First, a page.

Wisconsin Shares - Child Care Subsidy Program 

Wisconsin’s Child Care Subsidy program, Wisconsin Shares, helps families pay for child care. If the parent is eligible, child care can be subsidized for children under the age of 13 (up to 19 if special needs).

Eligibility Guidelines

Approved Activities For Wisconsin Shares Subsidy:

A parent, a foster parent, relative, or person acting in place of a parent, who is eligible for child care subsidy, must need child child care to be able to participate in one of the following activities:

  • Unsubsidized work
  • High-school (if a teen parent under 20 years of age)
  • W-2 employment position
  • Approved employment skills training while employed in unsubsidized work
  • FoodShare Employment and Training (FSET) work search or work experience activities
  • W-2 applicant participating in job search, training, or orientation activities

Income Eligibility Requirement:

To be initially eligible, the family's gross monthly income must be equal to or less than 185% FPL for the corresponding group size. Families may continue to be eligible up to 200% FPL.  Foster parents, kinship relatives who receive a kinship care benefit for the child and have a court order for their placement, and subsidized guardians have different income eligibility requirements which can be found at this link:  http://dcf.wisconsin.gov/childcare/wishares/pdf/fosterparentguide.pdf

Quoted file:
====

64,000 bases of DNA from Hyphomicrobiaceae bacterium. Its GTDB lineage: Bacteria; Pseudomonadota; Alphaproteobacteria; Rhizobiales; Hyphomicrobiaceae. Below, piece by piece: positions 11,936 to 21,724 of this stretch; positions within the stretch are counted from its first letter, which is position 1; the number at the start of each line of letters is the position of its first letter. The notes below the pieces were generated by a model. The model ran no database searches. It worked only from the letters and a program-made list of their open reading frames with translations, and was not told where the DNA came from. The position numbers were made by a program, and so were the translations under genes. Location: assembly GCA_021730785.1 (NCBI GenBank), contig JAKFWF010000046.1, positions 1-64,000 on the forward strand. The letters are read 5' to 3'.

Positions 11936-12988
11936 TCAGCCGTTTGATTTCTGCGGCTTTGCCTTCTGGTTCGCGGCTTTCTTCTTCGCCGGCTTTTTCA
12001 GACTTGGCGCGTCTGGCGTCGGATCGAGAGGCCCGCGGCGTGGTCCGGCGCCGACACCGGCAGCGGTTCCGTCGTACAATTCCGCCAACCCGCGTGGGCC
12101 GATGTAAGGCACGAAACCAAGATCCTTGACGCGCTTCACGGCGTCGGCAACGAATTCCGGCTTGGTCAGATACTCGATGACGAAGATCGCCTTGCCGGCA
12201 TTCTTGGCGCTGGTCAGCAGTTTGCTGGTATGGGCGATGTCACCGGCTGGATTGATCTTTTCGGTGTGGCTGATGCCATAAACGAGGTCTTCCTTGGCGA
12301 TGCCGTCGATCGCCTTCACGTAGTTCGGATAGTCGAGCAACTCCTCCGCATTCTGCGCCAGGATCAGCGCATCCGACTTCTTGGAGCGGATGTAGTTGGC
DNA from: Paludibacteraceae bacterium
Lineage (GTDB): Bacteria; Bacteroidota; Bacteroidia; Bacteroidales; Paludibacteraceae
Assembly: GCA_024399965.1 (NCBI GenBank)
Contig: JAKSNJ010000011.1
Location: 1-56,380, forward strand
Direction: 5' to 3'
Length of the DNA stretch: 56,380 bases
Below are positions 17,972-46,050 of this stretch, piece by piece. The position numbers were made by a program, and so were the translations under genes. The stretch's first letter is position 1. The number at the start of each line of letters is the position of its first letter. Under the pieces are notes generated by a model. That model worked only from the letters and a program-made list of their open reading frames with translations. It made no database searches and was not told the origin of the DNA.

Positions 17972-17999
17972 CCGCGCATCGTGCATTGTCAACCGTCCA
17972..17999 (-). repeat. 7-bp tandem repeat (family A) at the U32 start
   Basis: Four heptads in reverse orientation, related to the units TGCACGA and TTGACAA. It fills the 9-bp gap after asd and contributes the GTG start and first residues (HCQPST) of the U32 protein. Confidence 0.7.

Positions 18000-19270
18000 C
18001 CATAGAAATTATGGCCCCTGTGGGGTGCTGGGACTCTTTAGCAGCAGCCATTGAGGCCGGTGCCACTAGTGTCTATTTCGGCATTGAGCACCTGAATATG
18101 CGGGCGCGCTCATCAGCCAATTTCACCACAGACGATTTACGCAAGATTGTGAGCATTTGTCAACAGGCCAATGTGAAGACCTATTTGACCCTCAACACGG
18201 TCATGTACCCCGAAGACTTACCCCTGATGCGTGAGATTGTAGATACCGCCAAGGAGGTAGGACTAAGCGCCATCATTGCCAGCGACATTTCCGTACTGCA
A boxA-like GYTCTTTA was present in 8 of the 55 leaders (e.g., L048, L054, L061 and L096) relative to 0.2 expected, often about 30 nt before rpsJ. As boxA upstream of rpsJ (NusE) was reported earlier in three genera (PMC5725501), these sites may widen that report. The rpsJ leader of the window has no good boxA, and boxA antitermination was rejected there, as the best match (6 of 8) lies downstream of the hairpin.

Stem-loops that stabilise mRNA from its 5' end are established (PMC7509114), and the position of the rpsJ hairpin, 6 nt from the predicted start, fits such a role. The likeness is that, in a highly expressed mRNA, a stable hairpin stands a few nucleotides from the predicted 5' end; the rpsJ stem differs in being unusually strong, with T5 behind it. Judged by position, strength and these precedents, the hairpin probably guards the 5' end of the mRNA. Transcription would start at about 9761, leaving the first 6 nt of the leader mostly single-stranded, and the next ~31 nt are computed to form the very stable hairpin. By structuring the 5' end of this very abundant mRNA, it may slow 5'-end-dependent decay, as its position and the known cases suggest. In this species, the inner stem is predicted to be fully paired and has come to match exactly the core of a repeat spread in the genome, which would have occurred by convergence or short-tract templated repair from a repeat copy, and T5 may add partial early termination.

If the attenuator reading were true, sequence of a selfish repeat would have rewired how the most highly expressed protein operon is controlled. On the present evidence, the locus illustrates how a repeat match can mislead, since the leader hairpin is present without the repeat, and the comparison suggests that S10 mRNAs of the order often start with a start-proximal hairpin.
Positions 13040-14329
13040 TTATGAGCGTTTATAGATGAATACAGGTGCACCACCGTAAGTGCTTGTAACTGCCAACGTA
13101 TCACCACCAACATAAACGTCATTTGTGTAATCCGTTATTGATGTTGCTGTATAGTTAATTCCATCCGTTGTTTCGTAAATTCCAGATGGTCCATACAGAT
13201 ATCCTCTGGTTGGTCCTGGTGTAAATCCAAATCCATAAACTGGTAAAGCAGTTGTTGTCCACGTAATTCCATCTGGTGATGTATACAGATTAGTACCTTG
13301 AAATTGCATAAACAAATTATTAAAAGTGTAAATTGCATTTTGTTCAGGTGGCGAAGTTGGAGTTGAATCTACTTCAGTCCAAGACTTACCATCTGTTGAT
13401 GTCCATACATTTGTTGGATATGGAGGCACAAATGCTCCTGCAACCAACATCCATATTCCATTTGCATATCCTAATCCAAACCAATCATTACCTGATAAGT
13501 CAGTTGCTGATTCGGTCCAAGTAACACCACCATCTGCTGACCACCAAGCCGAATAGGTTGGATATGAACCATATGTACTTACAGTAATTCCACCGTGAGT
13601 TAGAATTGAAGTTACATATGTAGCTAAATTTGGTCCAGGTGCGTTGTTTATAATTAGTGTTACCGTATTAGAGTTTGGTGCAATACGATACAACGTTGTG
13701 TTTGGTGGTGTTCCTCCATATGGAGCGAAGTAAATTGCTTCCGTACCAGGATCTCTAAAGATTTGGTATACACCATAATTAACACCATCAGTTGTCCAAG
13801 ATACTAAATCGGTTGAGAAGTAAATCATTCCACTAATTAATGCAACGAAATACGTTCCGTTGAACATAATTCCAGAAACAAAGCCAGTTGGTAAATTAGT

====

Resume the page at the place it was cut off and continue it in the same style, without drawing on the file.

The 2014 FPL table for financial eligibility in the Wisconsin Shares child care subsidy program:

Group Size

Annual 185% FPL

Monthly 185% FPL


200% FPL

Monthly 200% FPL



















































Each Additional Person Add






Parental Choice of Child Care:

If the parent is eligible for child care financial assistance, child care providers chosen by parents must be regulated and participating in the YoungStar quality rating system.

Find a Child Care Provider:

Click on the link below to search for a child care provider in your area:



The parent's share of the cost is determined on a sliding scale depending on the family's income, family's size, number of children in subsidized care, and the type of child care service chosen.

  • The co-payment can be as low as 2% of the family gross income.
  • The program is designed so that the system-deducted family co-payment should not exceed 12% of the gross income, if the parent chooses a provider with prices below maximum reimbursement limits. If the parent chooses a provider whose private-pay rates are above the county/tribal maximums, the parent is responsible for the difference between the provider price and the subsidy amount.

Updated November 05, 2014

The Department of Children and Families, protecting children, strengthening families, building communities.